President Donald Trump has asserted that anti-racist protesters shared equal blame with white supremacists for the violence that punctuated a rally in Charlottesville, Virginia, on Aug. 12. The president accused progressive activists of comprising a so-called "alt-left" (video below).
On Aug. 15, Trump defended his decision to wait two days to specifically condemn white supremacists following an alt-right rally in Charlottesville.
"When I make a statement, I like to be correct," Trump told reporters during a White House press conference, according to CNBC. "I want the facts."
On Aug. 11, hundreds of white nationalists, neo-Nazis and alt-right members gathered in Charlottesville to protest the removal of a Confederate monument and stage a rally.
On Aug. 12, violence flared up between the white supremacists and counter-protesters, culminating in alt-right member James Alex Fields Jr. plowing his vehicle through a crowd of anti-racist protesters, killing 32-year-old Heather Heyer and injuring 19 others, The Guardian reports.
That day, Trump issued a statement condemning the violence. The president did not single out the white nationalists but asserted that there was bigotry and violence "on many sides."
On Aug. 14, Trump gave another statement on Charlottesville after receiving criticism for not condemning white supremacy. The president stated condemned "criminals and thugs, including the KKK, neo-Nazis, white supremacists, and other hate groups that are repugnant to everything we hold dear as Americans."
During his Aug. 15 press conference, Trump asserted that the anti-racist protesters in Charlottesville had been equally as aggressive as the white supremacists.
"When you say the alt-right ... what about the alt-left that came charging at -- excuse me, what about the alt-left that came charging at the, as you say, the alt-right," Trump said. "Do they have any semblance of guilt?"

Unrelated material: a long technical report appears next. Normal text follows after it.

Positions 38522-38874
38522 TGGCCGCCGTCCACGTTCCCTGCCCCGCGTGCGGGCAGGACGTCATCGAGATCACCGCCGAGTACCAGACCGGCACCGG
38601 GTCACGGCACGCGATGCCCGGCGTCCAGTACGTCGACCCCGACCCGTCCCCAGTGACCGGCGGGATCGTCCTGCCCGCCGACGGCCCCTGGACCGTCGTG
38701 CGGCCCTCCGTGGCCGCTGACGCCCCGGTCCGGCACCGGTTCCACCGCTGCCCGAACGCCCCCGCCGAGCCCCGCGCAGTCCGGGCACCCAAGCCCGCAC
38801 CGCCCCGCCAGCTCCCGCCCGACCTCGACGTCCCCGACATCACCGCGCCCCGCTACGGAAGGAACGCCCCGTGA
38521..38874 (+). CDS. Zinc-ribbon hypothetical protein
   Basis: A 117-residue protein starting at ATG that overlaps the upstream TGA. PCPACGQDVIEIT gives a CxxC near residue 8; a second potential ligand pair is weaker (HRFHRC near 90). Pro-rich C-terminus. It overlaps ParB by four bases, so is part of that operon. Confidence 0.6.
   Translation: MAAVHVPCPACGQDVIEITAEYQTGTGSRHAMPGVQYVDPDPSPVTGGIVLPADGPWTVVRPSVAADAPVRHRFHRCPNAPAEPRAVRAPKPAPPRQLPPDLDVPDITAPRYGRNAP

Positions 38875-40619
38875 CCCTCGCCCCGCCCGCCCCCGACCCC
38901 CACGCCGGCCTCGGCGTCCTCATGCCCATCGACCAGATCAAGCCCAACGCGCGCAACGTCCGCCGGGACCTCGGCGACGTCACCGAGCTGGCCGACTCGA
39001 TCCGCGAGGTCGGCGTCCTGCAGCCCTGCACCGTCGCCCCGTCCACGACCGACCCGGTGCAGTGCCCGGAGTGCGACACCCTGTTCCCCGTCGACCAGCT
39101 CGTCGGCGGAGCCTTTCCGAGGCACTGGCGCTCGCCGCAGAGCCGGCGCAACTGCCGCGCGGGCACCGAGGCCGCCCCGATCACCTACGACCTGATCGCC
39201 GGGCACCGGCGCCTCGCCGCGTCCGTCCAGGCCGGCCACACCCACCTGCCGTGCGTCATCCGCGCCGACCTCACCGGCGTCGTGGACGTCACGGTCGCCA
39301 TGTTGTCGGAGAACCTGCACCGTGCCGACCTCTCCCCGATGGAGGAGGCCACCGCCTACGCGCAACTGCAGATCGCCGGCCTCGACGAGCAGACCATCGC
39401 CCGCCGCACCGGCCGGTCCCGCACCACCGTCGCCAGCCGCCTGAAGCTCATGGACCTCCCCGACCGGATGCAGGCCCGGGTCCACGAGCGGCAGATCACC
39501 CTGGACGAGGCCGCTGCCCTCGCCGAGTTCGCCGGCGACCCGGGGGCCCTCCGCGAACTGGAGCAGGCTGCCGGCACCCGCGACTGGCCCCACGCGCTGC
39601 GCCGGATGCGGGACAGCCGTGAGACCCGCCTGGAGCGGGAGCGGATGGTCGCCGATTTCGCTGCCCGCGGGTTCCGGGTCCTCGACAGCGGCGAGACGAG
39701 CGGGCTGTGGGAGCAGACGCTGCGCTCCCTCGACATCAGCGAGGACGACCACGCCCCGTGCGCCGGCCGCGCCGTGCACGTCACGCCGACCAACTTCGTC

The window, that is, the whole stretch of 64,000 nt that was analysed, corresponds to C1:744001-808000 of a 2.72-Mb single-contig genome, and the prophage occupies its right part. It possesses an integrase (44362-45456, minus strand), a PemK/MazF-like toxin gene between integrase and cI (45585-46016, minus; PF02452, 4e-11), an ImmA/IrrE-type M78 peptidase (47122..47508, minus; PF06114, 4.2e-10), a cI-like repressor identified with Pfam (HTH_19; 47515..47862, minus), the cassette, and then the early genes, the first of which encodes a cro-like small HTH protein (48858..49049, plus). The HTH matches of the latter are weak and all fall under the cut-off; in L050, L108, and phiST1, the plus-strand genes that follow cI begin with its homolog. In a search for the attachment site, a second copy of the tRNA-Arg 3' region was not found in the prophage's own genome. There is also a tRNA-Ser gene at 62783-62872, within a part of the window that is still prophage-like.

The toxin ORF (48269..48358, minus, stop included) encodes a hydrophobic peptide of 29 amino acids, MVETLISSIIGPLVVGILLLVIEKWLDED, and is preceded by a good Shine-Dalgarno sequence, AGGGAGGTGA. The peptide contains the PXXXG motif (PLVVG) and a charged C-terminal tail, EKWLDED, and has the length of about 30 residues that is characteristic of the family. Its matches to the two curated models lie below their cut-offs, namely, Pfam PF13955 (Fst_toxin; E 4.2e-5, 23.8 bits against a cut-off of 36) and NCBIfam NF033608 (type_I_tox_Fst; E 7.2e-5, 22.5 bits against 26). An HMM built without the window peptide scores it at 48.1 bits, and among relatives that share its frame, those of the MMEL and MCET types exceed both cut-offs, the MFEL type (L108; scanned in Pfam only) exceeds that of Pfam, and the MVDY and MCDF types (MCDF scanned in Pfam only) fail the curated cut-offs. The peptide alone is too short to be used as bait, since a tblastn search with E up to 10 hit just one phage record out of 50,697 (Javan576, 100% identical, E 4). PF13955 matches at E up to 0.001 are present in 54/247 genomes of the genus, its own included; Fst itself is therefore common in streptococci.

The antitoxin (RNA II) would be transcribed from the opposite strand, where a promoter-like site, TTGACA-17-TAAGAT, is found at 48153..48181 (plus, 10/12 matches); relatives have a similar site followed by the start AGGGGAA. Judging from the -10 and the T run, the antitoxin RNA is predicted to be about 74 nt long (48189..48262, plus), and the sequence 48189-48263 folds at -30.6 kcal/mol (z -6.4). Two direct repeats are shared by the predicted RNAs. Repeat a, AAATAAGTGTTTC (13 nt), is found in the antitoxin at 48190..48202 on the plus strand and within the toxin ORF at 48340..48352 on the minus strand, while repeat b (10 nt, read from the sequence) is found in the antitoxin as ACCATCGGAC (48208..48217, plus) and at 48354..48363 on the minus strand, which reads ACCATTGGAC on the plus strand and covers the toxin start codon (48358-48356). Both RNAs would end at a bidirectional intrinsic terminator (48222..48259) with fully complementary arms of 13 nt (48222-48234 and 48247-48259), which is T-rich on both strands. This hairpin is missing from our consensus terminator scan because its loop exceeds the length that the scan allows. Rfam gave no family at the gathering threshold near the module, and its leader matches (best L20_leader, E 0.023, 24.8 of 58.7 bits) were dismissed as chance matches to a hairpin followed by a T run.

The president stated that both sides were equally culpable in the violence in Charlottesville.
"You had a group on one side that was bad and you had a group on the other side that was also very violent," Trump continued. "And nobody wants to say that, but I'll say it right now. You have a group, you had a group on the other side that came charging in without a permit and they were very, very violent ... I do think there's blame on both sides."
Democratic Virginia Gov. Terry McAuliffe had previously disclosed that local law enforcement was hesitant to intervene during the rally because the alt-right rally members were heavily armed and had planted caches of weapons across Charlottesville.
When journalists asked Trump if he was equating the anti-racist protesters with the white nationalist rally attendees, the president responded, "Not all of those people were white supremacists, by any stretch ... many of those people were there to protest the taking down of the statue of Robert E. Lee."
Trump proceeded to blast the removal of Confederate monuments across the country.
"I noticed that Stonewall Jackson is coming down," Trump said. "I wonder is it George Washington next week and is it Thomas Jefferson the week after? You know, you really have to ask yourself where does it stop?"
The president asserted that some members of the alt-right rally had been treated unfairly by the media.
"You have some very bad people in that group, but you also had people that were very fine on both sides ... And the press has treated them absolutely unfairly," Trump said.
Trump concluded that he would improve race relations in the U.S. through job creation.
"Well I really think jobs can have a big impact ... I think that will have a tremendously positive impact on race relations," Trump concluded. "Thank you."
Following the press conference, former Ku Klux Klan leader David Duke took to social media to thank Trump for his comments.
"Thank you President Trump for your honesty & courage to tell the truth about [Charlottesville] & condemn the leftist terrorists in BLM/Antifa," Duke tweeted.
Meanwhile, Democratic Sen. Mark Warner of Virginia tweeted that he had "No words."